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Goodbye, MIT. Hello, World.

By Deborah A. Levinson
Contributing Editor

When I said goodbye to Andy two weeks ago, I knew it was finally time to leave MIT.

"Andy" is Andrew L. Fish '89, who just completed Harvard Law School and has gone home to study for the bar exam. He was editor in chief of The Tech when I joined in 1988. In the time it took Andy to graduate from Harvard Law, I changed majors once, was elected Tech arts editor twice and chairman once, broke up with two boyfriends, went into therapy, changed thesis topics three times, blew off -- then eventually wrote -- a thesis, and graduated, somewhat anticlimactically, in September 1991 with an SB in creative writing. So why do I feel like three years have gone by in no time at all?

Though I still serve as a Tech contributing editor, I wonder why I bother. Most of my friends graduated in 1990 or 1991. The Tech's constitution stipulates that a contributing editor -- traditionally a position where grizzled Tech types are put out to pasture -- merely "contribute in some capacity to the operations of The Tech." I don't spend 30 to 40 hours a week here anymore; I don't night edit every other issue anymore; I don't play Solarian II instead of writing my thesis anymore. One of my greatest fears is that I will turn into one of those LSC people who, like David Baltimore, never really goes away.

Graduating last September left me in a peculiar position. Having lived like a student all summer -- working (occasionally) at my UROP, traveling, going to the beach, playing softball -- I reluctantly had to face the fact that I needed a job, a place to live, and a life. My peers had dealt with these realities four months previous; now it was my turn to figure out in a matter of weeks exactly what I wanted to do for the next 40-odd years.

Finding a job and an apartment proved simpler than I expected. But it's easier to hide at The Tech than it is to face the world (as any Tech senior will tell you), so after I finished my second stint as arts editor, I decided to hang around as a contributing editor. Not that I've been a lazy contribed -- I've written arts reviews and a news story, taken photographs for a photo essay, and helped work production.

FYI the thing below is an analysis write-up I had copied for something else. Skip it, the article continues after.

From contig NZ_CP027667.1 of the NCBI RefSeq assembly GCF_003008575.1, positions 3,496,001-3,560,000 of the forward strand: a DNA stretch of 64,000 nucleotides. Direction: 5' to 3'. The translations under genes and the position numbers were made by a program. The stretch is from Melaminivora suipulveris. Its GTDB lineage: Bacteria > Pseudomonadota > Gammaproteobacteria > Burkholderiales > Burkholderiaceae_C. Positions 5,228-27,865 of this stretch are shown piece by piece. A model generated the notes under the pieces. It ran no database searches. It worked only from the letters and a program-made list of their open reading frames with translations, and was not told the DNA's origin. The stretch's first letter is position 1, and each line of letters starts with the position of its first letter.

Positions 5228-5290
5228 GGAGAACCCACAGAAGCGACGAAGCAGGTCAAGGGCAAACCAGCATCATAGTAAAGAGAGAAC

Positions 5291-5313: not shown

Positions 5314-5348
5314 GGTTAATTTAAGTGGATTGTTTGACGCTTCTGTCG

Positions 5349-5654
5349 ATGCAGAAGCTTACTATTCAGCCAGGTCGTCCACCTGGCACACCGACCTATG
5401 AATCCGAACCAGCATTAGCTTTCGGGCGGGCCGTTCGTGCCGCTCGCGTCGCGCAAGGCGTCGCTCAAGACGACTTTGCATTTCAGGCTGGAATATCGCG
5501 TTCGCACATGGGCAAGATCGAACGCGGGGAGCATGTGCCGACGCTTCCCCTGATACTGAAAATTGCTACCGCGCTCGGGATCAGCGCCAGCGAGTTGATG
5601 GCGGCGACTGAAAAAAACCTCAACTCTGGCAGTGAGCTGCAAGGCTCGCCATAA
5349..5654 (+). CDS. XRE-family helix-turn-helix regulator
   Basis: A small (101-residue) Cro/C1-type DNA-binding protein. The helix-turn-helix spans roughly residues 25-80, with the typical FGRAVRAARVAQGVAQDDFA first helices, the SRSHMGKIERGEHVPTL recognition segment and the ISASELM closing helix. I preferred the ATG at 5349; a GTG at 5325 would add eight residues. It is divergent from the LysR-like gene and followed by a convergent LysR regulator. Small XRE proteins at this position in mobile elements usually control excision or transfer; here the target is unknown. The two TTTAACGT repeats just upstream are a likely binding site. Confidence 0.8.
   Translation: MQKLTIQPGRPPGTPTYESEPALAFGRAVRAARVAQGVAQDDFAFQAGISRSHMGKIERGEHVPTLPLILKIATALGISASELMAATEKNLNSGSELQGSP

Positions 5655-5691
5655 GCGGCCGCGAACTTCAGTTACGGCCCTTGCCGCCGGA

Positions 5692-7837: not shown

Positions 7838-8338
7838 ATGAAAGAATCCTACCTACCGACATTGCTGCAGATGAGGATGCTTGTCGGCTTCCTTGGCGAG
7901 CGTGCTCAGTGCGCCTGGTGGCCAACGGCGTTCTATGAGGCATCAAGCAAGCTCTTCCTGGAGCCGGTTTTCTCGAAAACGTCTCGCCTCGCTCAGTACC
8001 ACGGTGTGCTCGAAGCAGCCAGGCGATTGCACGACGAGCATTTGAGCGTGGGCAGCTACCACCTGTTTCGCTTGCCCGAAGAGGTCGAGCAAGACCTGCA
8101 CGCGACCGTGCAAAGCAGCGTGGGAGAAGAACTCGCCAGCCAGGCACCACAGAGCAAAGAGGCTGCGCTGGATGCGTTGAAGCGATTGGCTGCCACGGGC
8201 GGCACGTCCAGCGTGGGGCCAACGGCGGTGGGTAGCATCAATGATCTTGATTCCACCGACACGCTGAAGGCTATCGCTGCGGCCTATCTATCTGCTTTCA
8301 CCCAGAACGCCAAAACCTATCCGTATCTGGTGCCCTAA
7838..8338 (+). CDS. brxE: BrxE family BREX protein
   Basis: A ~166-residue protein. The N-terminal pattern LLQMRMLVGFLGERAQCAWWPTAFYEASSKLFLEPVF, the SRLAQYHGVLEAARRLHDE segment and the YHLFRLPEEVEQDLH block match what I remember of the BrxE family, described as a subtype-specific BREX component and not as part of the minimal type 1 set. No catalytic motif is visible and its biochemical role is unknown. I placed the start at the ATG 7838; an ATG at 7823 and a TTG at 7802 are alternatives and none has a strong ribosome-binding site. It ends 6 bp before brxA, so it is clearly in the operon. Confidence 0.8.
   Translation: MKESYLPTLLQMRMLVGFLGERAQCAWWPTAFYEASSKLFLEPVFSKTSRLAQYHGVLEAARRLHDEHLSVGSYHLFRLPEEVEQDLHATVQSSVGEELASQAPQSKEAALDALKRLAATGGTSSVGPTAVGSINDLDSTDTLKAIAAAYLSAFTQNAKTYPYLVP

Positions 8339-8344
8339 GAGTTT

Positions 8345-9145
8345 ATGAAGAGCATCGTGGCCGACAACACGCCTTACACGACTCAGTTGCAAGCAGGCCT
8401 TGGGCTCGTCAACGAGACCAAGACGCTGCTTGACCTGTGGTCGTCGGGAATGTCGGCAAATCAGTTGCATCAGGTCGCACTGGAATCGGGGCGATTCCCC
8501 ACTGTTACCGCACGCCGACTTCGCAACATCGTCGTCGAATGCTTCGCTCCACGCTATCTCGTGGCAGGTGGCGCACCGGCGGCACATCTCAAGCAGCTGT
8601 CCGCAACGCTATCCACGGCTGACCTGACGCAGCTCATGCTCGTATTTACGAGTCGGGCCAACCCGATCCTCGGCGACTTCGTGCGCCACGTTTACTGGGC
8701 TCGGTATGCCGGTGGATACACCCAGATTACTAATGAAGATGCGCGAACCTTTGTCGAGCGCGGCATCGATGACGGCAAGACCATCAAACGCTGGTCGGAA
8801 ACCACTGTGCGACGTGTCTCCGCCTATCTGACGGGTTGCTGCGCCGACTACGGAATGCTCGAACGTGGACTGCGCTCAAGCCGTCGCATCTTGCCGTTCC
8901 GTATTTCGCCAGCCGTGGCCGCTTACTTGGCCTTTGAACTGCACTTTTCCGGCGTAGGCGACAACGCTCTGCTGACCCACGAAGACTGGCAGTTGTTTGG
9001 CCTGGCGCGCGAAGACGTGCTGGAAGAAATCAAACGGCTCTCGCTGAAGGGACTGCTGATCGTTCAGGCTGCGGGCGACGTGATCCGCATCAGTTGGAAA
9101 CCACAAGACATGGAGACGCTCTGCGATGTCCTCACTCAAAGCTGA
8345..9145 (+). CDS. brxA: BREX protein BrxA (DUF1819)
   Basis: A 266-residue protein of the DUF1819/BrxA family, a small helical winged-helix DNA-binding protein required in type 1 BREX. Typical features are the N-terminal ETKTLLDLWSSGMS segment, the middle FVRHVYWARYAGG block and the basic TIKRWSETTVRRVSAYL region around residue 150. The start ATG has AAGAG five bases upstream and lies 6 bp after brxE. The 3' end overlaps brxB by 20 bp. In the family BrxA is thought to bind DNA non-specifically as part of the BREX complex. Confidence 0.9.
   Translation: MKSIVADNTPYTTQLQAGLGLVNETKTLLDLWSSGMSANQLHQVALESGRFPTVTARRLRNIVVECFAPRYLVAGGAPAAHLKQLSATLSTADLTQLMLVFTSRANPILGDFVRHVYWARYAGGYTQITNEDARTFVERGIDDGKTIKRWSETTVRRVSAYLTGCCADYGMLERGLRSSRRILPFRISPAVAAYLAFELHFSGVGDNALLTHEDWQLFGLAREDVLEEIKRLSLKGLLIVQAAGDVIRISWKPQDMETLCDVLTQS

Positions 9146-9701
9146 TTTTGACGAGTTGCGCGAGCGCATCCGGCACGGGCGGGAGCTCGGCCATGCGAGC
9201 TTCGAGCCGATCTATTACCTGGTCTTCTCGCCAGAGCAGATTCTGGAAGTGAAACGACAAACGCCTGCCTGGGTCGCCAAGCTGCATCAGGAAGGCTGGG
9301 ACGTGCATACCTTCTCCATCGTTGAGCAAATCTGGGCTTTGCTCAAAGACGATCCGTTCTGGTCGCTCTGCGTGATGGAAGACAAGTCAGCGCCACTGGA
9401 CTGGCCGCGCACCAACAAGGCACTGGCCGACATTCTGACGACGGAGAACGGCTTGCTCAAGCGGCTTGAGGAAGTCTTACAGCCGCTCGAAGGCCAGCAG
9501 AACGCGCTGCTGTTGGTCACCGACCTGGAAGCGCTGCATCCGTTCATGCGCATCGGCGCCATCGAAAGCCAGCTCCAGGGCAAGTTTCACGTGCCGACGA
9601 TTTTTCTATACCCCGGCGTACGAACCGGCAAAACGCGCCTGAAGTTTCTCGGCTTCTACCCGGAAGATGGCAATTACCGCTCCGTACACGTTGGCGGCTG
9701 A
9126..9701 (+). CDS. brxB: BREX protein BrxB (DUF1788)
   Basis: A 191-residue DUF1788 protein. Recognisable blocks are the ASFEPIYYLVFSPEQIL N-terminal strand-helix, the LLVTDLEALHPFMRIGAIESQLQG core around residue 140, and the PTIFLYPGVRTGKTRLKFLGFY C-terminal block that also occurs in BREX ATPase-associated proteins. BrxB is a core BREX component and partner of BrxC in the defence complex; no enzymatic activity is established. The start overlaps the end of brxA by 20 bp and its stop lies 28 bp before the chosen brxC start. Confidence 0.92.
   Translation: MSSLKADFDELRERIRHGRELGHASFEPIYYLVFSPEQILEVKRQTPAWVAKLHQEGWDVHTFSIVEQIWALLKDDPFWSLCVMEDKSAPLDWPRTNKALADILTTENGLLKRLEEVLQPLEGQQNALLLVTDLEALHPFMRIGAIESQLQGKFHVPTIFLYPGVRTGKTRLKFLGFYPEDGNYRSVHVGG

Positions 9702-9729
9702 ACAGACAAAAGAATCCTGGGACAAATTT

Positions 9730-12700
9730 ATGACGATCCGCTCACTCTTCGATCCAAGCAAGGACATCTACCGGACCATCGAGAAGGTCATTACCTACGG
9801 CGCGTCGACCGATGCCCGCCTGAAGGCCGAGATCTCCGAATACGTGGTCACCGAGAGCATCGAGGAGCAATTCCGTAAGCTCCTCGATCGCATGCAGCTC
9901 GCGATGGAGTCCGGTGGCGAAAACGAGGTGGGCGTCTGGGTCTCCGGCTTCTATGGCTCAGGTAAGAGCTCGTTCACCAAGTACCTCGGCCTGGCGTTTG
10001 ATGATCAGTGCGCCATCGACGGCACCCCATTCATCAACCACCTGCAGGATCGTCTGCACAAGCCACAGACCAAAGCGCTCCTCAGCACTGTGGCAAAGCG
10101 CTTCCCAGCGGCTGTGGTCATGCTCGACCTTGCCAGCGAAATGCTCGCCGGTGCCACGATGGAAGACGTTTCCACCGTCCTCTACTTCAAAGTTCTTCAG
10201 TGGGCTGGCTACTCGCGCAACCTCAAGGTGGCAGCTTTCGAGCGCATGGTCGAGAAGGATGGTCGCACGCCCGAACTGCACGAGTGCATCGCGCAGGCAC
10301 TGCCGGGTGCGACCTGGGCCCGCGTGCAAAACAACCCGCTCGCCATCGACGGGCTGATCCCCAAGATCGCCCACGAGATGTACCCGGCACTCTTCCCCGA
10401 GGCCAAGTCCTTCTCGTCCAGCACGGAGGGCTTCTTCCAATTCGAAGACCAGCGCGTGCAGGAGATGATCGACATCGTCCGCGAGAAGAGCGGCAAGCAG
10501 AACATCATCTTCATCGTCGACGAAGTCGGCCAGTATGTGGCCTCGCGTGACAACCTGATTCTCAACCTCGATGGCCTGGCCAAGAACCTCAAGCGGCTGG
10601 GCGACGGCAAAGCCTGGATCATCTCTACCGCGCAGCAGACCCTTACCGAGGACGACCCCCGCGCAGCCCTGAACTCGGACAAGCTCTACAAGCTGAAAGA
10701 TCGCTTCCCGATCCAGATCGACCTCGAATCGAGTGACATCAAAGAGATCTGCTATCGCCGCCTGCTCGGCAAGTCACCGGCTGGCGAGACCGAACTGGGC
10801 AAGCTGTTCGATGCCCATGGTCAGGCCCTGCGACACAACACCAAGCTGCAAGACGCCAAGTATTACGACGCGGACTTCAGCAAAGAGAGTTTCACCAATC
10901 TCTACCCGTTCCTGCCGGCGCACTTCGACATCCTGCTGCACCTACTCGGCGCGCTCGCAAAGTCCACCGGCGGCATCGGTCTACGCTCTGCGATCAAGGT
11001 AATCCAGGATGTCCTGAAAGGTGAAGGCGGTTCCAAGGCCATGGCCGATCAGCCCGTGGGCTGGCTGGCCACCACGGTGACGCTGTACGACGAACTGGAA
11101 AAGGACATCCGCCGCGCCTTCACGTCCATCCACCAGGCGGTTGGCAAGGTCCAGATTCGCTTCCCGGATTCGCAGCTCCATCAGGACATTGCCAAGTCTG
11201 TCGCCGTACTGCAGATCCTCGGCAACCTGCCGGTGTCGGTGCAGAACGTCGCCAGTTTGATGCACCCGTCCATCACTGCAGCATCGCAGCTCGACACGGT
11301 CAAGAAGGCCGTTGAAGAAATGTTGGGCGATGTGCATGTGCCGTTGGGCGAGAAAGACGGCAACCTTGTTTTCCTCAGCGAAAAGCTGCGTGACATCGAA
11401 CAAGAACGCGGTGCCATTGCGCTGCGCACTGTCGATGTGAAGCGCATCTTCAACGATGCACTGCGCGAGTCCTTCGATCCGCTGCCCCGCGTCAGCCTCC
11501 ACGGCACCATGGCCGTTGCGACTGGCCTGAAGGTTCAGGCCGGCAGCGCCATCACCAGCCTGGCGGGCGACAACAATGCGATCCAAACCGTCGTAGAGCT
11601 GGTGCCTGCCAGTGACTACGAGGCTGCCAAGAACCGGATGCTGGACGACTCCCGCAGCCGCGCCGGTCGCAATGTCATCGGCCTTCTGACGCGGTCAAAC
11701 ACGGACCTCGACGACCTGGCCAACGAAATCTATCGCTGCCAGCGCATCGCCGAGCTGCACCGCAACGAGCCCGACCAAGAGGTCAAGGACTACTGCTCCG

Still, it's strange discovering that even though I'm only 22, I'm an old woman here at The Tech. Are the freshmen getting younger? Or is it just that my friends are older? At Steer Roast this year, I realized that my roommate, Marie E. V. Coppola '90, and I are two of the last links between today's Tech and the paper of the 1970s. We have met (and are even friends with) staffers who joined in the late '70s, people most current Tech staffers know only from the electronic lexicon, a ridiculously long file of bizarre and often off-color stories about The Tech and the people who put it together. Someday people will come to The Tech and talk about Marie, Andy, or me in the same way we talk about Jon von Zelowitz '83 or Robert E. Malchman '85 or any of a number of former staffers who drop by the office now and then. Being old at 22 is a hard thing to deal with.

Which brings me to commencement. Since I didn't graduate on time to go through with the 1991 commencement exercises, I chose to march this year. As has every college president before him, Charles M. Vest will deliver a charge to the 1992 graduating class. Though each president may couch his or her message in different terms, it's almost always the same message: Get a job, make bushels of money, and remember that you, the members of the graduating class, hold the Future of America in your capable hands. I have no good reason to believe that Vest's second address to the graduates will stray from this prescribed doctrine.

What is the point of the charge to the graduates? Those who already have jobs know what they are doing for at least the next year; those who are going to graduate school know what they are doing for at least the next year and a half; those who are doing neither will either have a plan for their life or not. Pat Buchanan's Golden Foot approach, which allows that if Buchanan single-handedly kicks every poor person in the rear, they will immediately get up and find a job, does not work for graduating seniors. Charles Marstiller Vest telling us to go out and make lots of money will not make it happen either.

To those graduates of the class of 1992 whose only post-graduation plans involve meeting their parents at Legal Seafoods for dinner afterwards: it's okay to not know what you're doing or where you're going. Sometimes it takes a long time to figure out a plan for living. The college environment is the perfect cocoon -- food, friends, and no "real-world" responsibilities -- and the real world is not a pleasant place. You can get mugged, or end up working for a paranoid-schizophrenic, or worst of all, be forced to pay off your student loans.

That is why, just as when I was supposed to be doing my thesis, I ended up hiding at The Tech. Though I still don't know what I want to do for the next 40-odd years, I do know that I need to leave The Tech to do them. And I think that I'll close this column, probably the last column that I will ever write for The Tech, the same way that I closed the dedication of my thesis:

Thank you all. I'm ready to go now.

Deborah A. Levinson '91 helps publish books and wants to open a restaurant when she grows up.